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Eaux Claires 2015 Festival Review: From Worst to Best

on July 20, 2015, 12:00pm
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It’s hard to know what to expect from a brand new music festival, but when the curators happen to be two of the biggest names in indie rock—Justin Vernon and Aaron Dessner—chances are it’s going to be an experience. Those who ventured to Eau Claire, Wisconsin this past weekend found a festival off the beaten path in both the phrase’s literal and figurative meaning. Located away from the city proper, Eaux Claires Festival took place along the banks of Chippewa River, which provided a unique space for creativity in all forms.

Although the festival boasted a strong indie rock presence, it wasn’t constrained by a genre-only approach. Instead, the festival became a celebration for collaboration across musical acts. The lineup featured musicians whom Vernon and Dessner creatively worked with in the past, but also extended to include performances from artists who Vernon especially admired. As a result, most shows involved guest appearances from other performers at the festival, which inevitably led to some “wow” factor level. Songs became something new with the addition of, say, a new harmony here or the punctuation of a brass band there.

Festival Grounds Eaux Claires Sign_Amanda Roscoe Mayo_2

Photo by Amanda Roscoe Mayo

The result was a music fan’s approach to a festival, and that excitement about music, about creativity, about collaboration infused the crowd with a community feel despite the 22,000 plus attendees. By the end of the fest, when nearly everyone was a guest on Bon Iver’s stage, the artists felt more like friends having seen them perform, heard their stories, and shared in the heat with one another. There was potential for the musical-friend-fest to turn self-congratulatory, but it didn’t, rather than feeling like an outsider, visitors were treated like guests at the table of a very exclusive dinner party.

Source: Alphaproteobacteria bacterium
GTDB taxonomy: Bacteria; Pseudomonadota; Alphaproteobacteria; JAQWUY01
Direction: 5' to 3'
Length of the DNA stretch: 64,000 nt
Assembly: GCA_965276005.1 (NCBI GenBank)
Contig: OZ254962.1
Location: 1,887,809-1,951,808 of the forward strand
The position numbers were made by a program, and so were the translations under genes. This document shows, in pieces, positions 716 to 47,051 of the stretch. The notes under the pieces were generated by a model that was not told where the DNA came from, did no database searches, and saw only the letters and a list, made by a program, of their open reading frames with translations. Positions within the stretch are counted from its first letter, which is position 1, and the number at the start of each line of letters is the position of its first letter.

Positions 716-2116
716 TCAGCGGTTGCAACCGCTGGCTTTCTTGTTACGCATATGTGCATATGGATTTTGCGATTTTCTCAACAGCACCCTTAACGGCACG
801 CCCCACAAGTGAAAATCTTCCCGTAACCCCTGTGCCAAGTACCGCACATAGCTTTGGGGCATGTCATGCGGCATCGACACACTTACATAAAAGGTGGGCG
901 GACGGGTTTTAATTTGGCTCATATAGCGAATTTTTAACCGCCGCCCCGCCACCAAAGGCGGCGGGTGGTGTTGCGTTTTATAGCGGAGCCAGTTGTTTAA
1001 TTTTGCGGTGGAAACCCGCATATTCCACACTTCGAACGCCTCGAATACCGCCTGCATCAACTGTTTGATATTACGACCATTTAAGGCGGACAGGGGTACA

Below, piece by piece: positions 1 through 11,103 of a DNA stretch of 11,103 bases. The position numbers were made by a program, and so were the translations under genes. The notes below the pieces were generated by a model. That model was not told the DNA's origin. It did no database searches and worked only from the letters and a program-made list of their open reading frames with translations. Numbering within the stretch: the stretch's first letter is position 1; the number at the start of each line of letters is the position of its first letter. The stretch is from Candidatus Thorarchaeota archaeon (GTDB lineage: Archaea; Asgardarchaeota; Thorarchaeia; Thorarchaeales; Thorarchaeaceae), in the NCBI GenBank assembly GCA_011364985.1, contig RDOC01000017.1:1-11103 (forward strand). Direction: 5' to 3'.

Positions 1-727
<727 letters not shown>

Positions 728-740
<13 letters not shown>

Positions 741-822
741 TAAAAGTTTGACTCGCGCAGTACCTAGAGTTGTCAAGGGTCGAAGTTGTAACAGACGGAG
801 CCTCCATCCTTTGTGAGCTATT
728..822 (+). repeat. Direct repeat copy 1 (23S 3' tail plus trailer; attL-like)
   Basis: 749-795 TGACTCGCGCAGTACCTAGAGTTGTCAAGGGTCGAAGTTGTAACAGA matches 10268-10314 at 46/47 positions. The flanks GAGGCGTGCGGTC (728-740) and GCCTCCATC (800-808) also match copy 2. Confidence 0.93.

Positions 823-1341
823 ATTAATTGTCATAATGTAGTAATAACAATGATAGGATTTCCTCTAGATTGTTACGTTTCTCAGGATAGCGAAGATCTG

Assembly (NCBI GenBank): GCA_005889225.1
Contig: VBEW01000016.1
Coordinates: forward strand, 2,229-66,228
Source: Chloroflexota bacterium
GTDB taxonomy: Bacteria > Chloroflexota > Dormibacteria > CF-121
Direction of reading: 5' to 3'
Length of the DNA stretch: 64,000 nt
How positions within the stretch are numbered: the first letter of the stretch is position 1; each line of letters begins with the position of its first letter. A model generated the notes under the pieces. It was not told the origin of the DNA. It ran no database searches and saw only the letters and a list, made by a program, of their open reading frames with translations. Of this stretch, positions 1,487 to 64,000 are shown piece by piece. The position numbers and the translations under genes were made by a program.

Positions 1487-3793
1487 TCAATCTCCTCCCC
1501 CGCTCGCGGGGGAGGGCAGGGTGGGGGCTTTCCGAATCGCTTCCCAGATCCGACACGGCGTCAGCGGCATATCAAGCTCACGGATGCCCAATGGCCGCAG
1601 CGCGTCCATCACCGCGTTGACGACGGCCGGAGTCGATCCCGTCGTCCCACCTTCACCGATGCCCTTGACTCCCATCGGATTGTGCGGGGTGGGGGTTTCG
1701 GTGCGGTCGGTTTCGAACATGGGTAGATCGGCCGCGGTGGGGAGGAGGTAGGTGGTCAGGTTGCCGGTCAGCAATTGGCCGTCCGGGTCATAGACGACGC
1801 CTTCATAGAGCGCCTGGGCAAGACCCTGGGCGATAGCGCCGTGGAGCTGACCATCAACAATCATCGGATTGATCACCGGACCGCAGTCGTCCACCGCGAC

Not just a music festival, though, the event boasted performance artists like Ragnar Kjartansson and Grandma Sparrow, along with art installations by Eric Rieger, whose piece decorating the festival’s entrance was specifically commissioned for the festival. Seemingly spontaneous performances and activities occurred throughout each day. No BS! Brass Band showed up often in the breaks between bands, popping up throughout the festival grounds. The Eaux Claires App was actually effective in communicating surprise performances to ensure no one attending the fest felt left out.

Festival Grounds Food Line_Amanda Roscoe Mayo

Photo by Amanda Roscoe Mayo

One of the more magical happenings was lead by Sam Amidon, folk musician turned choir director parade leader for the weekend. Moments like singing in a choir with Amidon or seeing Charles Bradley’s saxophone player dancing to Poliça, and running into artists enjoying themselves at shows fueled the spirit of experience.

Since this is Eaux Claires Festival’s first year, there were inevitably hiccups, which arose mostly when it came to procuring food or merchandise. Lines for these things were often incredibly long—some 30 or 40 people deep—and there didn’t seem to be enough vendors to handle the massive crowds, especially on Saturday. The most dire of logistical madness, however, followed the conclusion of Bon Iver when thousands of people left the festival at once. It took over an hour to shuffle up the path to the majority of the shuttles. While most accepted the situation, the overall consensus likened the crowd to cattle being herded.

Festival Grounds Crowd_Amanda Roscoe Mayo_2

Photo by Amanda Roscoe Mayo

As was reiterated repeatedly by almost every musical act performing at Eaux Claires, this festival was for the music. It wasn’t a scene, even Sufjan Stevens boasted that he never plays festivals, because he “is agoraphobic and terrified of contracting lyme disease or an STD or whatever.” But more to the point he doesn’t play them because the appreciation isn’t there. The consensus was that Eaux Claires was a special place for musicians and their fans, for art to breathe and be enjoyed. So we took on the impossible task of ranking these acts for you from worst to best, but as you’ll quickly see, there weren’t any truly bad performances.

–Amanda Roscoe Mayo and Amanda Wicks
Contributing Writers

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